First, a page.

city drama theatre
Gavella

Director: Mateja Koležnik
Translation: Zlatko Crnković
Dramatization: Dubravko Mihanović
Set Design: Ivo Knezović
Costume Design: Ana Savić Gecan
Music: Svadbas
Lighting Design: Zdravko Stolnik
Rehearser: Matija Antolić
Photography: Jasenko Rasol
Production's visual identity: Vanja Cuculić / Studio Cuculić

Cast:

Agafya Tikhonovna: Dijana Vidušin
Arina Panteleymonovna: Dubravka Miletić
Fyokla Ivanovna: Jelena Miholjević
Podkolysin: Franjo Dijak
Kochkaryov: Ozren Grabarić
Poach'tegg: Sven Šestak
Anuchkin: Nenad Cvetko
Zhevakin: Boris Buzančić
Starikov: Đorđe Kukuljica
Stepan and Dunyasha: Filip Križan

Stage Manager: Ana Dulčić
Prompter: Andrea Glad

Opening night: April 15, 2011

''An entirely remarkable event in two acts'', is the subtitle that Gogol gave to his play. The specific and a bit elusive wittiness of the Russian classic, one of the few that haven't been questioned neither by the realists, nor the modernists, is visible in the very title, and the opening lines by Podkolysin, with the seriously-funny: ''You live and you live until eventually everything becomes sickening,'' introduce a unique character of the writer and his text. We are dealing with a comedy, but the tragedy is intrinsic to Gogol's dramatic mentality and no matter how much laughter he gives us, he cannot pass up the opportunity to speak of man's anxiety, emptiness and loneliness. That is why he was such a wonderful writer, called by Nietzsche ''the founder of modern decadence'', an author over whom, on the 200th anniversary of his birth, the Russians and the Ukranians fought, wanting him ''for themselves'', that is, claiming he belonged precisely to their - and only their - national literature. At first thinking he would become a clerk, because ''it is more useful for Russia'', Gogol fortunately couldn't resist the call of writing, so during his life he travelled the path from being an underestimated outsider to becoming the most famous Russian writer, ending his life in pain and depression, due to which he burned all of his unpublished work, among whom was the second part of the legendary Dead Souls. Though he left this world at the age of only 43, he left behind him enough immortal lines, among whom we can most definitely find those written on the pages of the Marriage.

Mateja Koležnik, the Slovene director who is frequently present on Croatian stages, is always in search of texts with ''wonderfully written characters'', which she most often finds within the corpus of contemporary dramaturgy. In our theatre she has so far directed plays by LaBute (Bash) and McPherson (The Weir), dealing much more with the actor and the character than the concept and the ''director's reading''. That is why, in Marriage, we can expect, first and foremost, a study of character and their relationships, as well as working with the art of transformation in the actor, which will necessarily meet notions such as ''caricatural'', or the ''grotesque'', unavoidable when dealing with Gogol. For he is a writer who ''turns figure into disfiguration and meaning into meaninglessness'', finding in it ''a sarcastic disharmony'', hidden in ''the ordinary people whose soul does not strive for a general beauty, but for minimal social existence''.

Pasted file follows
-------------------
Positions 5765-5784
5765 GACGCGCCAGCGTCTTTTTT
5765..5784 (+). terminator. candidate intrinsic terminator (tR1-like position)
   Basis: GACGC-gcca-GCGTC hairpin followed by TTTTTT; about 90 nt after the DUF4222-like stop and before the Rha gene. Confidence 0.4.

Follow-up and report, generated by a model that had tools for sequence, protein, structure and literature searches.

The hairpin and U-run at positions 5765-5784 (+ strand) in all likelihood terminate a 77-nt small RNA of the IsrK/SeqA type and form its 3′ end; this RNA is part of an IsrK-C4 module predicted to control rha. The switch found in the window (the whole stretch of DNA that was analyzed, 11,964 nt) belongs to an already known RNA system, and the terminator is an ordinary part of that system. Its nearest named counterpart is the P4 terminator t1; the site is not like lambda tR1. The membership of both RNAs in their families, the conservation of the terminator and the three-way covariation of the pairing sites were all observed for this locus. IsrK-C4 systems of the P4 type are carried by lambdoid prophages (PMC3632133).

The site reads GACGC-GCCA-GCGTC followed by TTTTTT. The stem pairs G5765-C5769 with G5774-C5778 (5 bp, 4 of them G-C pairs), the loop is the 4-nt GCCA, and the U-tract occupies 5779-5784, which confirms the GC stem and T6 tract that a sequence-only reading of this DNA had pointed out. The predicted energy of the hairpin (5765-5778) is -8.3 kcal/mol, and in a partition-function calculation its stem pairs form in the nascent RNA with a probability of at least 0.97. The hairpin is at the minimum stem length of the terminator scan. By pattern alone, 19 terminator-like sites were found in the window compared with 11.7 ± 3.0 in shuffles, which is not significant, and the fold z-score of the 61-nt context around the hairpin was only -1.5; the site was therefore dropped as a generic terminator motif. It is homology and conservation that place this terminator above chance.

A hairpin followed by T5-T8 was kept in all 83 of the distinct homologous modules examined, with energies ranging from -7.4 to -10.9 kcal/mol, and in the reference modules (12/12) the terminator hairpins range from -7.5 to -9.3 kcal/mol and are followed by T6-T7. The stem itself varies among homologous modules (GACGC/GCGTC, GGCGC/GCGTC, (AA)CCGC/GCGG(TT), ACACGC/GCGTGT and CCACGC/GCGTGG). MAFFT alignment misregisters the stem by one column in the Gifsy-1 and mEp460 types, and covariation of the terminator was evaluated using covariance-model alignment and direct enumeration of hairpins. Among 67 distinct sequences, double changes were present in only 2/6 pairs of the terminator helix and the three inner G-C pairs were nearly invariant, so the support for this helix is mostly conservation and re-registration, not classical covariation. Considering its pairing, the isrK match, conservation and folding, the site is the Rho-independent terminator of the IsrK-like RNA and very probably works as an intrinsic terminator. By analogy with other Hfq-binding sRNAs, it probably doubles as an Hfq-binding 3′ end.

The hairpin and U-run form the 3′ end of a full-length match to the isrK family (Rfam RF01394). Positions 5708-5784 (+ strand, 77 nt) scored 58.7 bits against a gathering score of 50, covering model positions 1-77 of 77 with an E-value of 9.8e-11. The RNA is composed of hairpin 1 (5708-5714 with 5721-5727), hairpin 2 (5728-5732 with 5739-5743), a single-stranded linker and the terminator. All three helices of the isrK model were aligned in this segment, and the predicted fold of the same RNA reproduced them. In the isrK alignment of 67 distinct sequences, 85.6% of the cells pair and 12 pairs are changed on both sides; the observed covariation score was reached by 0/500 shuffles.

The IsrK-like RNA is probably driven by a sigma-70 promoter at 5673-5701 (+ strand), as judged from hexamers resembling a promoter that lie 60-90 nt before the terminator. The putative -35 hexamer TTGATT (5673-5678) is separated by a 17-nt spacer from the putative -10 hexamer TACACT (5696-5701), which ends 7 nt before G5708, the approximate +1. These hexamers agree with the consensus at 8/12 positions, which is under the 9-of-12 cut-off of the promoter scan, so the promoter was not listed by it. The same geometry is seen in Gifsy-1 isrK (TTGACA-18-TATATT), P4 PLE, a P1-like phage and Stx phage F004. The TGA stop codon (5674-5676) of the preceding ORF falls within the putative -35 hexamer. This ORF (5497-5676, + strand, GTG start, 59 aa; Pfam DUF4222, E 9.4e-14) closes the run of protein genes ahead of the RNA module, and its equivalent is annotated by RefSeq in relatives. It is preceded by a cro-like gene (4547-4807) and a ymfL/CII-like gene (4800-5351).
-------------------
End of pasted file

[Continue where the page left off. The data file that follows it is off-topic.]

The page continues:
''The Slovene director Mateja Koležnik again hasn't disappointed: her direction of Gogol's comedy Marriage in Gavella produced a well-rounded and an unintrusive play that brings out the mysterious mechanism of the author's poetics. Marriage is not a classical comedy, but more of a spooky study of human loneliness.'' (Tomislav Čadež, ''Juatrnji list'')

''An impressive voyeuristic grotesque. (...) Gavella's ensemble has formed very memorable charicatures and those who formed them with physical expressivity, because that was the intention of the play, have also done the best job.'' (Helena Braut, ''Vjesnik'')

''An exquisite cast has showed why is it important to perform the classics even today.'' (Bojana Radović, ''Večernji list'')

''By wonderfully playing with the duration of her lamenting and repetitive sighing, as well as other vehemences and sudden turn-overs around the sofa, where one cannot forget her skill as the sweet-mouthed ''suitor seller'', Jelena Miholjević as Fyokla leads Gavella's Marriage in the direction of ridiculing the figure of the Grand Enterpreneur as an average primitive. Well done. (...) We certainly need to point out Dijana Vidušin's great comic force. She played the role of potential bride Agafy Tikhonovna with such pleasure in scattering away the suitors that the end of the play seemed as a true happy-end.'' (Nataša Govedić, ''Novi list'')

''The product is a wonderfully organized play, sharpened like an animated feature, dinamically coreographed (the stage movement advisor is Matija Ferlin), in a flawlessly aseptic scenographic space of Ivo Knezović, along with an inventively dovetailed, ironically sentimental live songs by the Svadbas. With their masterfully rehearsed individual and group movement, the actors show an immeasurable performative force.'' (Marija Grgičević, Kulisa.eu)